This post offers an overview of what developing trends stood out to me over the course of this past crazy year.  

12.9.2019:  The medical advancement clearly turned out to be the new mRNA vaccine, which opens the door to developing new vaccines so yes, it is a breakthrough.  I didn’t think the general population would be vaccinated fully until some time by late 2021 to early 2022.  Right now, what we have is being distributed mainly to medical personnel so…it’s not been made widely available to the public just yet.

1.1.2020

I’d chosen that image for the opening of 2020 for a good reason.

This year’s resolve:  If I see it, I will write about it, the good, the challenging, and the in-between, and I’ll write about it as plainly as possible. 

Sometimes an event poses a question with extenuating circumstances and does not pose an easy solution, but I would say this:  to find inspiration in how people make an effort in the face of whatever’s daunting.  With the pandemic, for example, skilled people did push to create a vaccine with remarkable speed.  

How do you apply your skills in a useful and meaningful way?  That’s a universal question.

Much of this is about about delving into past time cycles for useful insight and problem-solving techniques. 

Case #1:  Years ago, when visiting a battlefield site in Fredericksburg, VA, I encountered a troop of Marines cadets who listened to their sergeant recite the exact chain of events of how the battle unfolded. Difficult topic, yes. Instructional, too, particularly when it comes to the results of what happens with leadership mismanagement and confused orders.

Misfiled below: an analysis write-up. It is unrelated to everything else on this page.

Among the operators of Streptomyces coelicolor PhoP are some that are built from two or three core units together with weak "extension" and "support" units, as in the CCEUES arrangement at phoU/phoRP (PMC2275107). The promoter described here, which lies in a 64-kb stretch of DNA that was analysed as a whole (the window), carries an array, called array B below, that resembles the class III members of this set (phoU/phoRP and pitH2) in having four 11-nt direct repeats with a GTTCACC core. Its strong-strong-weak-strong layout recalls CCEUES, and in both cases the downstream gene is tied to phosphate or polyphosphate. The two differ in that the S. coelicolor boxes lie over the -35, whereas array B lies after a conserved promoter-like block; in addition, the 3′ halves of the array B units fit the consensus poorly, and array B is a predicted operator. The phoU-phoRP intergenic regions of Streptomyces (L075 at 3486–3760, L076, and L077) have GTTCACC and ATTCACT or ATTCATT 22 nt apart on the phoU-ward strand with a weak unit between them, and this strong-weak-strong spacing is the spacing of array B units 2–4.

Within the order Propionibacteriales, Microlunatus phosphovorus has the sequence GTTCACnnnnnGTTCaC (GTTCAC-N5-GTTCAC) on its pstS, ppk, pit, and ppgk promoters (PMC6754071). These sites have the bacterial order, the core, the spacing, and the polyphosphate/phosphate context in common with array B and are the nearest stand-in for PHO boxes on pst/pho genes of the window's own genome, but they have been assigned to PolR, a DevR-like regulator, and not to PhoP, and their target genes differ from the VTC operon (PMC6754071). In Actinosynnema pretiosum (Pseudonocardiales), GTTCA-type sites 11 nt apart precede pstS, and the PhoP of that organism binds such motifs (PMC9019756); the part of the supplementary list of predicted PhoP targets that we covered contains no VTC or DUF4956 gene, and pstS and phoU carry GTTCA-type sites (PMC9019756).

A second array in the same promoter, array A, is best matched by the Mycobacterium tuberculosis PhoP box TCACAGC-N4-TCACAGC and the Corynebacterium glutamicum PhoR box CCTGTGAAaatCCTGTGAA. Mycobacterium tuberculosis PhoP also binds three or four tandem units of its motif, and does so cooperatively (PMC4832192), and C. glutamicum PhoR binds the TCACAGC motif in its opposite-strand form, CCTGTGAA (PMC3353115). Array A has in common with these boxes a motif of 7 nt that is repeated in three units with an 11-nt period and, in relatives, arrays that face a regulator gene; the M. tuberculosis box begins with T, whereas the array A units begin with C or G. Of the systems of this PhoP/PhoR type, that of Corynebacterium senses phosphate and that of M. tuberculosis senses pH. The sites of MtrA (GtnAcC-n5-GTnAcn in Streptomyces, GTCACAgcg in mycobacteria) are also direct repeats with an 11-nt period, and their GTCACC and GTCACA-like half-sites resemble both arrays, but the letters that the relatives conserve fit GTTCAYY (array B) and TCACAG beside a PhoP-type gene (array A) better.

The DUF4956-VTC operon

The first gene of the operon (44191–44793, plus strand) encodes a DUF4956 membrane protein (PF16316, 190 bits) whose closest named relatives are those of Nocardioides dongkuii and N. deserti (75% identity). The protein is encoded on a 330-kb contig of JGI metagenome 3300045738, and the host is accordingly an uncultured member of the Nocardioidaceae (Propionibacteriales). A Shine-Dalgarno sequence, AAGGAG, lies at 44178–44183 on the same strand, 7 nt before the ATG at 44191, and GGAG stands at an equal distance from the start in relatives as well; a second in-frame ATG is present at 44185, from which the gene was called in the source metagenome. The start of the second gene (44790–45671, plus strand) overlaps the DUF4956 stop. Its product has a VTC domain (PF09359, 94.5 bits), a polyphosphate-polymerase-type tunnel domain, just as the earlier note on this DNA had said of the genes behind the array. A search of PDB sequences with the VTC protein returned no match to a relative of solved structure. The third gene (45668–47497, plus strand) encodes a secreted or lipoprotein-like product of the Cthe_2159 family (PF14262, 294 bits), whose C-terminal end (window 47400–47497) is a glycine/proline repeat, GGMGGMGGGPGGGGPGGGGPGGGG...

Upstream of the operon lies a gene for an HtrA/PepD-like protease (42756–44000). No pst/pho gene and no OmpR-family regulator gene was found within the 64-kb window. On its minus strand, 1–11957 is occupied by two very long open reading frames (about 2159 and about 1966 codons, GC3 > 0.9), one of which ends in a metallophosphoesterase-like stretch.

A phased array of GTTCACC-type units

Case #2:  Sometimes, it rains because it is going to rain, or the weather forecast calls for clear blue skies and sunshine.  Not everything carries deeper meaning and import.  It’s up to you to decide how you’d like to respond to it.  

3.1.2020

I was still tip-toeing… until 3.4.2020.

3.9.2020

In the 2021, I’ll see if I can come up with some of the applications for what I do with time-cycle assessment.  I was looking directly at time cycles tangentially related to systems of currency and this detail popped up and caught my attention.  If I am not looking at it, then it’s not on my radar.  That’s how this generally works.  

A lot of what I do here reminds me of mudlarking.  If it captures my attention, up it comes with a little prying and swish around in the water.  Buffed up and examined closely, it’s a relevant bit history, re-discovered.  As Edmund Burke once said, “Those who don’t know history are destined to repeat it.” 

So when I report trends, it’s because I’ve spotted it elsewhere already, way down deep in mud of time past, partially submerged.

PS:  I follow this guy’s amazing work, as the stuff he finds is like rediscovering portals of time or a lost moment through found objects.

3.15.2020

Read it. 

3.31.2020-4.15.2020

4.4.2020

This theme again, blackouts.  

May 6-7.2020

Understatement of the year, “the U.S. Postal Service may see some reprieve toward the second half of May that lasts just under a year before it undergoes some reconfiguring.”

5.24.2020

Ship blast.    I marked this earlier in this post dated 7.12.2020 because it looked thematic in potential.

7.19.2020

More

8.9.2020

What I could have expressed better is that the level of divisiveness over the election was the reigning factor showing up that would create conditions for protests no matter who won the electoral college.

8.31.2020

 The 2020 election.

9.21.2020

I’d thought the judicial replacement hearings would take place post-election, but they happened prior.

You can figure out the 12.14.2020 event, now that it has come and gone.  Hint:  U.S. Supreme Court/Electoral College.

10.27.2020

Thoughts on December 2020 into January 2021. 

11.19.2020

Now what?  More on November into December 2020.

The December 2020 posts are focused mostly on January of 2021.

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